My story of debt freedom

Steve MoneyPlanSOS StewartHave you heard my story of debt freedom? A fan asked me to share my family's journey to our life without debt by answering a these questions. I hope you enjoy it.

How long ago did you becoming debt free?

We became debt free except for our mortgage when we paid off my wife's SUV thirteen months after buying it. That was back in January 2006, not quite in time for Christmas but sooner than the 48 months the loan was scheduled for.

How much money have you paid off?

That loan was for $12,000. That's not a lot when you consider it was a car but it is a lot if your goal is to be debt free.

What was the single largest debt?

Again, it was the SUV. However, if we hadn't paid it off early then we certainly wouldn't have even considered paying cash for our $18,000 kitchen remodel in 2009. We probably would have put the cabinets on payments, the accessories on credit cards, and some sort of finance agreement with the installer. I'm certain we wouldn't have been disciplined enough to save up and pay for it if we hadn't made the choice to be branded as “debt free” folks, that's for sure.

What was the biggest sacrifice you and your family made?

Saying “no” to our wants was, and still is, the biggest sacrifice. But you know what? I found out that I love reaching savings goals. Every year we spend a week at some vacation getaway and I love pre-paying for the hotel or arguing with the rental car agent because my plastic has the word “Debit” on it. I know they are just following company policy but rental car companies have never turned down my money because I didn't deliver it to them in the form of a stupid credit card (click to tweet).

Did you read books or attend classes that helped with this process?

No way – I wasn't much of a reader. I found that if you forced me to sit down and be quite for any amount of time then my body was convinced that it was nap time. However, I did enjoy listening to long-time radio host Bruce Williams. He had a common-sensical way of explaining how money really works and I respected him for that.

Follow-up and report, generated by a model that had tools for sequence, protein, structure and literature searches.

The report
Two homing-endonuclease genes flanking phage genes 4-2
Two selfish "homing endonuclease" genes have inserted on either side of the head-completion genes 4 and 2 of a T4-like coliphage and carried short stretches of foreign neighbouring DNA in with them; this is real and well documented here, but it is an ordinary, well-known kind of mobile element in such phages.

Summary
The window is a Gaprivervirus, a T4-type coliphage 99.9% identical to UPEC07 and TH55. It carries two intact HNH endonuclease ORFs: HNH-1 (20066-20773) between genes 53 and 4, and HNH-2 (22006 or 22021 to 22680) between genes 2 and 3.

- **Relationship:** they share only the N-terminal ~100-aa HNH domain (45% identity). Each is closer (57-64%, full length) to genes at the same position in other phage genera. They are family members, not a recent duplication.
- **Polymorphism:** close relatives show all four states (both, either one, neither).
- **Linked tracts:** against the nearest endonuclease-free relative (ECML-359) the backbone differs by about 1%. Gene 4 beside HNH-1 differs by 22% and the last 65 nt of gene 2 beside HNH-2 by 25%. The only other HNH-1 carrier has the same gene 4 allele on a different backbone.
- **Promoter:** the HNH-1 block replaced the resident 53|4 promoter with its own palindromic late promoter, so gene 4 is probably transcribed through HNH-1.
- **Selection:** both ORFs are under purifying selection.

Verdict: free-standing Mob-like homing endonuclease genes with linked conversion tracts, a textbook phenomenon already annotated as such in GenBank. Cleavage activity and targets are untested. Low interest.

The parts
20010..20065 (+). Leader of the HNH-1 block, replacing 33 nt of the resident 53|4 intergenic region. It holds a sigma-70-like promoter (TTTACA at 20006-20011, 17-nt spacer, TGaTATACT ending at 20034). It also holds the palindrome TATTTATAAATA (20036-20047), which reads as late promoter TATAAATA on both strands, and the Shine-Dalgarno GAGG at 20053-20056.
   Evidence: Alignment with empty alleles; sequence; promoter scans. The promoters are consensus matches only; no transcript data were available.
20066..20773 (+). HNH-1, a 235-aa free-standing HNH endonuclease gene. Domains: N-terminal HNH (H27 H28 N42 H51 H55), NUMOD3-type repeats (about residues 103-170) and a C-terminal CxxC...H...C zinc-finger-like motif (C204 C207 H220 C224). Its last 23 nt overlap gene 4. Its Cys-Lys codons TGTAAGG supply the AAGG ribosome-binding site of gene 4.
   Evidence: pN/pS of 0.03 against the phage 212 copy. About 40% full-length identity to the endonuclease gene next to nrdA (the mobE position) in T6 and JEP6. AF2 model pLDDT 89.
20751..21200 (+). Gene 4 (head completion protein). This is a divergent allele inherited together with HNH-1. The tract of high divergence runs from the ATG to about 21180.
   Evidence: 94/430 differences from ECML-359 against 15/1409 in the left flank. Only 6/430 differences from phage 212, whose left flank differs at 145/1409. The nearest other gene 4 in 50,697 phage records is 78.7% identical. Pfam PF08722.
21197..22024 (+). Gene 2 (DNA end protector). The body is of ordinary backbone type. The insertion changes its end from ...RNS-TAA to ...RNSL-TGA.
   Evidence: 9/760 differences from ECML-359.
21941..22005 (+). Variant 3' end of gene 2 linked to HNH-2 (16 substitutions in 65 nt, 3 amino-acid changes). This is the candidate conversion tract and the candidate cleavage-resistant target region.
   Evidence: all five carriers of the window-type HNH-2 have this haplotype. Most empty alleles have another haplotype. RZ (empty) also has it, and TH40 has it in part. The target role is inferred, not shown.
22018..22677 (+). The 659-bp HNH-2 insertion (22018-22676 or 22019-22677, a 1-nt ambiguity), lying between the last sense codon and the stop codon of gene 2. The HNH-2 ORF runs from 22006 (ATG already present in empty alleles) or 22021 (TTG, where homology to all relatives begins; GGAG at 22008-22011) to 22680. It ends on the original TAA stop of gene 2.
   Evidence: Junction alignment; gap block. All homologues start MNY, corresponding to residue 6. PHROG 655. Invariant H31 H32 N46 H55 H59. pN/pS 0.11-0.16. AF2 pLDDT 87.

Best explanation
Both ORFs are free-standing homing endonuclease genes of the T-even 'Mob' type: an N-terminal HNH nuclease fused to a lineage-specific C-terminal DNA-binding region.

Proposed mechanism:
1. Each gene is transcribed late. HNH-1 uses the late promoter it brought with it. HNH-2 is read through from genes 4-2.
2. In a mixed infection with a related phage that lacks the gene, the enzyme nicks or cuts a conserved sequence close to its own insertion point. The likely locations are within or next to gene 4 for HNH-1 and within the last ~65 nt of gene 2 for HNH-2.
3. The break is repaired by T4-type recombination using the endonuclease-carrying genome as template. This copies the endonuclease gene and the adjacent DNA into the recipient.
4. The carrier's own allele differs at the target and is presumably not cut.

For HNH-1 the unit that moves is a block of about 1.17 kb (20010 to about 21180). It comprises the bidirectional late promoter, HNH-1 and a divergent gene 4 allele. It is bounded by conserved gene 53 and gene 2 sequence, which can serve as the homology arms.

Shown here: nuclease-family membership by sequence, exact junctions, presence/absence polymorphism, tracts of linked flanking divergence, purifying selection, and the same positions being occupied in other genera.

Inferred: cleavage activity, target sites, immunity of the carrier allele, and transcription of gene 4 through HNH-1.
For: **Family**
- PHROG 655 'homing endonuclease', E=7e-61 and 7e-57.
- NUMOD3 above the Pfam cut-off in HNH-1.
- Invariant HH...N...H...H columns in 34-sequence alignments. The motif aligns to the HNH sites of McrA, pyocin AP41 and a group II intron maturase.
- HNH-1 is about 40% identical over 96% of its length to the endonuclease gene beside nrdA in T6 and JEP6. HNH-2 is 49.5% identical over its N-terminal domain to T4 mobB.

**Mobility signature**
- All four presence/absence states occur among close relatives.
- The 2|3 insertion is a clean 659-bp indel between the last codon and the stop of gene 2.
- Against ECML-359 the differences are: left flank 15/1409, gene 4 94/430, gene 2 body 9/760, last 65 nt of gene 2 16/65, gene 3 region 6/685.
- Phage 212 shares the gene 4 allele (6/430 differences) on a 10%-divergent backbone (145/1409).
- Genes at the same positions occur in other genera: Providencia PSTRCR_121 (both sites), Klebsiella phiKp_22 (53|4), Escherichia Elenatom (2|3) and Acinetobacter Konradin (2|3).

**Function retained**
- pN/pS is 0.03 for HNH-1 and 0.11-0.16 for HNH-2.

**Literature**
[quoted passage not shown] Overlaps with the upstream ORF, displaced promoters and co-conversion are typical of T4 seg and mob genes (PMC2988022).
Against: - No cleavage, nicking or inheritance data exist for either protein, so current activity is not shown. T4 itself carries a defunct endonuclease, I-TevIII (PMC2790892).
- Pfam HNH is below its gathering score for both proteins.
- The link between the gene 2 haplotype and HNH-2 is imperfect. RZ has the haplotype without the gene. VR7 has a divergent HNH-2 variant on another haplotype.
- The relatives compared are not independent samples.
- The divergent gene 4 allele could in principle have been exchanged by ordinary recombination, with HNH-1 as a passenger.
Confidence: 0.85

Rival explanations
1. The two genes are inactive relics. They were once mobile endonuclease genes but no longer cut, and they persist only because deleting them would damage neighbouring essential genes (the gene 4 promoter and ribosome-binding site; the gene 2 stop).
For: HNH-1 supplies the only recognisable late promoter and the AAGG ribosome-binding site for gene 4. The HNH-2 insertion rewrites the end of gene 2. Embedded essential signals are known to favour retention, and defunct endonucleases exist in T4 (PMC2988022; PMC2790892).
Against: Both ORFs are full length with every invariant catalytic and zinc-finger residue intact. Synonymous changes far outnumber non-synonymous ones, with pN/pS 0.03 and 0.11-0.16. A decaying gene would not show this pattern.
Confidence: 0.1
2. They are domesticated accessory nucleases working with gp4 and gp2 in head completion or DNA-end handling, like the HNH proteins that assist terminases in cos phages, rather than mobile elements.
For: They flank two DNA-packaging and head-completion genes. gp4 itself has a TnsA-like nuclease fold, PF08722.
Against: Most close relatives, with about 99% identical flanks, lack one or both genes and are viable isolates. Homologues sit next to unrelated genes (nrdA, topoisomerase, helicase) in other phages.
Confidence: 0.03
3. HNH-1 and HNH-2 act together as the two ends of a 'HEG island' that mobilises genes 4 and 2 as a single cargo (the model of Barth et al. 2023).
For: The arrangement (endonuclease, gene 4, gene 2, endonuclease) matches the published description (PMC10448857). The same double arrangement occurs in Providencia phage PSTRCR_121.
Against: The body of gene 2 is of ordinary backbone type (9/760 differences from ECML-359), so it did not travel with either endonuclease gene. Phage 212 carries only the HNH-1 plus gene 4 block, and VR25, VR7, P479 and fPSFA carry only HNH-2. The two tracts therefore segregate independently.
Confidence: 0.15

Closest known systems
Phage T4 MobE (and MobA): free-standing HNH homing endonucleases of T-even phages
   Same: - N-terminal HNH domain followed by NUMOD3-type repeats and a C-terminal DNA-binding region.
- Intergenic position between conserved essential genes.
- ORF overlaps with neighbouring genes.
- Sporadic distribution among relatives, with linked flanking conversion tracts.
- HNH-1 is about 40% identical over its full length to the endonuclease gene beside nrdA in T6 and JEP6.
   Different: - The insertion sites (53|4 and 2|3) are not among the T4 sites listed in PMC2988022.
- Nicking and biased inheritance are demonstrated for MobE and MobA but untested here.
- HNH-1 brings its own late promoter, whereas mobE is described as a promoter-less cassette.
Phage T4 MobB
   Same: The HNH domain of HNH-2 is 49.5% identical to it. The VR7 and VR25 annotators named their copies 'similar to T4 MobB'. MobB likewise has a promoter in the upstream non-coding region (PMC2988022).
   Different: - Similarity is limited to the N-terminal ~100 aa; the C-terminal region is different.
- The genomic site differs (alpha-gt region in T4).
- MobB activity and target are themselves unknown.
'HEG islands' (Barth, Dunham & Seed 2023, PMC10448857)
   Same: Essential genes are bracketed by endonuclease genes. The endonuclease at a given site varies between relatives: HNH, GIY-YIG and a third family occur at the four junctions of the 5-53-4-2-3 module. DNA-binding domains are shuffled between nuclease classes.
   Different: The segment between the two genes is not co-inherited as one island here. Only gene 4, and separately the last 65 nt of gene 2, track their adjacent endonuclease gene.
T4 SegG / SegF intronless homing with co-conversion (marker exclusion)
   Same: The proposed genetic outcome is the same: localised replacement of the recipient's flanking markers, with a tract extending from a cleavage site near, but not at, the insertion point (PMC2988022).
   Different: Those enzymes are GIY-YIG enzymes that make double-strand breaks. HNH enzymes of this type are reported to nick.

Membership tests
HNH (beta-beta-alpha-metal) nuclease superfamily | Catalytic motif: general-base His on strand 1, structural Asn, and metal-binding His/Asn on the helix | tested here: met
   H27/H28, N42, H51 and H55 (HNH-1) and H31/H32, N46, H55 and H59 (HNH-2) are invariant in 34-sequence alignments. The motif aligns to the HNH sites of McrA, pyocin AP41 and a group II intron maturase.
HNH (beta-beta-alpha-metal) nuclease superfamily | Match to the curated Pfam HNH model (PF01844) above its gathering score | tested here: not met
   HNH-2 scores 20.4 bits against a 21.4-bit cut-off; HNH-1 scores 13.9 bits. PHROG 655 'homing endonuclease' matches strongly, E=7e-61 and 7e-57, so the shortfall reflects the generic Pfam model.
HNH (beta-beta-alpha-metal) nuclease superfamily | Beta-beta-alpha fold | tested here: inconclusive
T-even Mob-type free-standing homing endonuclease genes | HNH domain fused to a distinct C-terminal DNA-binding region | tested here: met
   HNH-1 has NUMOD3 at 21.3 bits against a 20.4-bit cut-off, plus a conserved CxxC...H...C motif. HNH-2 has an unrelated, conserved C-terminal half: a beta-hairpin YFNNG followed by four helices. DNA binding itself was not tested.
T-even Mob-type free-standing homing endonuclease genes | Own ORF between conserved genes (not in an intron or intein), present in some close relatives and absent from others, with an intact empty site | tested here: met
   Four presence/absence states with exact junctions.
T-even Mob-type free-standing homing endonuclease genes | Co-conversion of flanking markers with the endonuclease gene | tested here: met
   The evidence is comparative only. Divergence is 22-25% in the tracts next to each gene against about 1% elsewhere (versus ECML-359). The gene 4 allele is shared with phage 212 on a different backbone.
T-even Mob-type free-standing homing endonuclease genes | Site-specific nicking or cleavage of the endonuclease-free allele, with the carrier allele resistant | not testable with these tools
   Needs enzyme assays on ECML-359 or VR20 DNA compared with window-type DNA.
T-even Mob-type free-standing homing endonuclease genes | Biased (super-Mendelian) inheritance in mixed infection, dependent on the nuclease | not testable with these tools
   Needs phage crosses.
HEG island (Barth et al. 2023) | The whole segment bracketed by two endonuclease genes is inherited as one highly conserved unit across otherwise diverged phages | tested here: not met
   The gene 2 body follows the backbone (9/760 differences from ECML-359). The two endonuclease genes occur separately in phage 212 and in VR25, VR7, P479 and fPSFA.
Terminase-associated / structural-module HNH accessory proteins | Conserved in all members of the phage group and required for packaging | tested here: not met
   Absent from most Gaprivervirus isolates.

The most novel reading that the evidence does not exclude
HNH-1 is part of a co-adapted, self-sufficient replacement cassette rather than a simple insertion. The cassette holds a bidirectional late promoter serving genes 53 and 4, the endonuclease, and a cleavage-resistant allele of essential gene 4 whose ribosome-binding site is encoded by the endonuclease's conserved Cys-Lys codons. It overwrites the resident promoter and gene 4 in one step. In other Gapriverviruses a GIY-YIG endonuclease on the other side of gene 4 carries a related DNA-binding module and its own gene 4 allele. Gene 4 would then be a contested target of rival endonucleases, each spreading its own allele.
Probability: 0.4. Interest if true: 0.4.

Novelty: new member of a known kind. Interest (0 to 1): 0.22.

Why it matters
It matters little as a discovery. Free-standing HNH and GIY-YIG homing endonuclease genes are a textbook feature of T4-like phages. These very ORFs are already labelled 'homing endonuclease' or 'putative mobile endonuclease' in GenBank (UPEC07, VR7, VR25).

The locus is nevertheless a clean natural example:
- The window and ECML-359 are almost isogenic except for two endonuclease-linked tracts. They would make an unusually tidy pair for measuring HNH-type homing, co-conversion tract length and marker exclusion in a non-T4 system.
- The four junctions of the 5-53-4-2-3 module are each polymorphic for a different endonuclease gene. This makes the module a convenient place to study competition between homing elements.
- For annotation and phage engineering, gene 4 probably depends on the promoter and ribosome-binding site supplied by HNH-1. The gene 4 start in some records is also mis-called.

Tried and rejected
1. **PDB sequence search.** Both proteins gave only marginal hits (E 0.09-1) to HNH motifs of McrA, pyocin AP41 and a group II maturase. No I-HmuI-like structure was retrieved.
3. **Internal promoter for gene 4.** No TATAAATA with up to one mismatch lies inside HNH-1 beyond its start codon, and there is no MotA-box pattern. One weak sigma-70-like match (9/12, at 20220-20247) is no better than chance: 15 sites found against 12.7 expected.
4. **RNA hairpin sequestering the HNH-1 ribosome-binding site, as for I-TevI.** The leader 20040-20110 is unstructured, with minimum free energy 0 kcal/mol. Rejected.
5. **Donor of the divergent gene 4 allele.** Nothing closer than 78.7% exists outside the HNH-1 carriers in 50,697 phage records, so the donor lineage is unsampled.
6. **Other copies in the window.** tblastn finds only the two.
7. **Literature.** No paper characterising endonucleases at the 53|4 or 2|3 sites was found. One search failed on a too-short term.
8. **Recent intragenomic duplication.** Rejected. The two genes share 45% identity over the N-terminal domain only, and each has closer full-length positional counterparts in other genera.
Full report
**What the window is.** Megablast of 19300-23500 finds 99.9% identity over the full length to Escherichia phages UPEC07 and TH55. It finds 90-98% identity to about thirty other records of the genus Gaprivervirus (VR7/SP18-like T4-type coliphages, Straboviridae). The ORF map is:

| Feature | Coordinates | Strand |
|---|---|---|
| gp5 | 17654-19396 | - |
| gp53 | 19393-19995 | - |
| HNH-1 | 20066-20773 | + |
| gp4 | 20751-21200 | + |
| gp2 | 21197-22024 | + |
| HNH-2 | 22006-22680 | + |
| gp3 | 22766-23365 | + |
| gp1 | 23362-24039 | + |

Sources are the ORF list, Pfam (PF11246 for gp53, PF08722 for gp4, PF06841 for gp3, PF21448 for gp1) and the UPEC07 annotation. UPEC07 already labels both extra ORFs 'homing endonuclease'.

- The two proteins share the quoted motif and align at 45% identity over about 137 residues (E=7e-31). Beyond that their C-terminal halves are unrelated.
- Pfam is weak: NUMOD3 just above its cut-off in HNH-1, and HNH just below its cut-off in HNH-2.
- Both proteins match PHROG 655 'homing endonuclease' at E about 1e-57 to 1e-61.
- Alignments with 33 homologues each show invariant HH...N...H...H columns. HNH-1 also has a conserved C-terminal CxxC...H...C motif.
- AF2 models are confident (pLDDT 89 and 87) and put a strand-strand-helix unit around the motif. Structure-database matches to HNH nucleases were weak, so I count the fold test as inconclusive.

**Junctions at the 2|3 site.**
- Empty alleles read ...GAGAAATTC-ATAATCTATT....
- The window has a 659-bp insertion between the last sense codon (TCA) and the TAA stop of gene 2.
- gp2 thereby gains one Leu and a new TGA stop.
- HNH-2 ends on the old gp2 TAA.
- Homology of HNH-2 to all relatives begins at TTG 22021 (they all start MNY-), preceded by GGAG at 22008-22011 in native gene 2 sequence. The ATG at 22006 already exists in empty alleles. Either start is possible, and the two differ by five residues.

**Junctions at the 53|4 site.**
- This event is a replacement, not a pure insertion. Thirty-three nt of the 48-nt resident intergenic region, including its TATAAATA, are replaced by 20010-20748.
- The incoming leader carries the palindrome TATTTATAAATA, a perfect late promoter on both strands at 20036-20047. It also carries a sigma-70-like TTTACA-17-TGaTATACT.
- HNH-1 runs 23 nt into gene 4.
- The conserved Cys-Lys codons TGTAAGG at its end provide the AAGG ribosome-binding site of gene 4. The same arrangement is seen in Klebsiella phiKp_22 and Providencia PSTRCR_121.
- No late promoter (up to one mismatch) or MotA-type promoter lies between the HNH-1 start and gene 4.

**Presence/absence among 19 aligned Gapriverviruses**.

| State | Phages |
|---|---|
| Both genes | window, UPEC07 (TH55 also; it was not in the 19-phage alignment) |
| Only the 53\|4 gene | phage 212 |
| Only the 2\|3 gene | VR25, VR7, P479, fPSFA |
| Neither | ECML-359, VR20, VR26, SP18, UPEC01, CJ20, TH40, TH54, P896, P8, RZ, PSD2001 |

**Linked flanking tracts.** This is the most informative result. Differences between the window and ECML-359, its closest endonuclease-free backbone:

That lead the way for Dave Ramsey to get into my psyche, and in a matter of months it was all over. Dave would say things that were unconventional, unpopular, and often ridiculous. I had to prove him wrong! So I did my research every time he said something that didn't agree with all the other “financial gurus” that were promoting credit scores and keeping a mortgage for the tax deduction. You know what? I found out that Dave Ramsey was right – about everything! Well, everything except his distain for Apple Computer products. (It's not that he's wrong, he's just mistaken).

That uncovered my passion for teaching others. I have been certified by Dave Ramsey's group to teach Financial Peace University's Workplace Edition to businesses that want to offer much needed financial literacy classes and had completed Dave Ramsey's Counselor Training in 2009. I don't know of anyone else who has that level of training within a hundred miles of the St. Louis Arch, so I guess you could say I'm the regional expert for the Gateway To The West.

Unrelated, but fun: Dave Ramsey read my post “10 Things We Say That Keep Us Broke” on his radio show in June 2010

How long have you been working your plan?

Wait, can you be more specific with the question please? Did you mean whatever plan we had or “our current plan”? There is a huge difference because what we used to think was a financial plan in the early 2000's was more like a thought bubble that came out of our heads where we imagined what it would be like to have savings and take nice vacations. Once we got onto a budget (around 2005) we really started making headway.

Was doing the first budget hard?  How long did it take to get the hang of it?

Doing EVERY budget it hard. Humans aren't naturally wired to be disciplined and want to postpone pleasure in order to pay cash for stuff. I am under no illusion that people hate budgets because they feel restricting. I've just found the real truth: It isn't the budget that is restricting us, it is our level of income (click to tweet).